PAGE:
An evaluation of the communication strategies used by the Mkushi District Community Medical Office to promote male involvement in Ante Natal Care

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Nyirenda, Chileya Alice
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Male involvement in ante natal care has gained considerable attention in the recent past. There has been global acknowledgement that male involvement in reproductive health offers benefits for both women and men. Involving men in reproductive healthcare could help Zambia achieve some major development goals, such as a decreased maternal mortality rate and increased ante natal coverage. Involving men could also help reduce the overall prevalence of HIV and AIDS. This will only be possible if men are involved not just as ante natal clients but also as partners, service providers, policymakers, teachers, and project managers.Untilrecently male involvement in ante natal care in Zambia has been relatively underdeveloped. Despite the availability of the services there is still a low turnout of men attending ante natal clinics with their partners. The promotion of male involvement in ante natal care requires coming up with well-planned communication interventions in order to meet the set objectives. This research was carried out to evaluate communication strategies employed by the Mkushi district community medical office under the Ministry of Community Development, Mother and Child Health in promoting male involvement in ante natal care among health care providers, men and women. This report is based on field work conducted at Chibefwe and Chalata health centres of Mkushi district between October 2013 and January 2014.The research set out to find out what the people especially the men knew about male involvement in ante natal care. The results revealed that the majority thought male involvement in ante natal care was accompanying their partners for ante natal in order to get tested for HIV. The majority of men in this community think male involvement is all about Prevention of Mother to Child Transmission (PMTCT). In reality, this is not the case as male involvement in ante natal care is a package which comprises several components and PMTCT is only a component of the program and not the only essence of the program. The study found out that the major communication strategy used to disseminate information on male involvement is radio. Sensitization programs such as phone-in programs and adverts were conducted on Mkushi Community Radio. Health education sessions were conducted both at the health centre and in the community during outreach. The study recommends the involvement of politicians in sensitization, broadening of ante natal services to weekends to accommodate more men. The study also recommends that refresher courses for the staff on the male involvement be conducted.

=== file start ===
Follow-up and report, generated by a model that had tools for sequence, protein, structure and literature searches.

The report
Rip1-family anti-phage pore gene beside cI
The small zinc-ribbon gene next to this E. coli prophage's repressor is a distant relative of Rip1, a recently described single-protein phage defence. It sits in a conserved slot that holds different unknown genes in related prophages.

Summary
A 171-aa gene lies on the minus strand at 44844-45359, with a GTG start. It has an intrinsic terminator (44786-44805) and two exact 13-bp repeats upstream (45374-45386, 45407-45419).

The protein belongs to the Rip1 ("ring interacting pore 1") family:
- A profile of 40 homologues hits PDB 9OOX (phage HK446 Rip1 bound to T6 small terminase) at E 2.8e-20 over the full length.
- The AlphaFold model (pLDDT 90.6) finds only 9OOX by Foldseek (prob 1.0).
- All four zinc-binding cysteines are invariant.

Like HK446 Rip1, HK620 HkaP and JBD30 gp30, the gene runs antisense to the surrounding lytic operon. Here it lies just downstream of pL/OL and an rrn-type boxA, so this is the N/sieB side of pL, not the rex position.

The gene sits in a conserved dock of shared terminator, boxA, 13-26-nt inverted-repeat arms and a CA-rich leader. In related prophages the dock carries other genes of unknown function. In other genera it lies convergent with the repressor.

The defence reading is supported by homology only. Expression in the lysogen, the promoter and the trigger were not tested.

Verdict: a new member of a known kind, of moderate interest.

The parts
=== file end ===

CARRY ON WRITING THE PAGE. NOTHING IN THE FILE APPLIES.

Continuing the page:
Ante Natal Care , Communication-Health Aspects , Ante Natal Care-Beliefs and Practice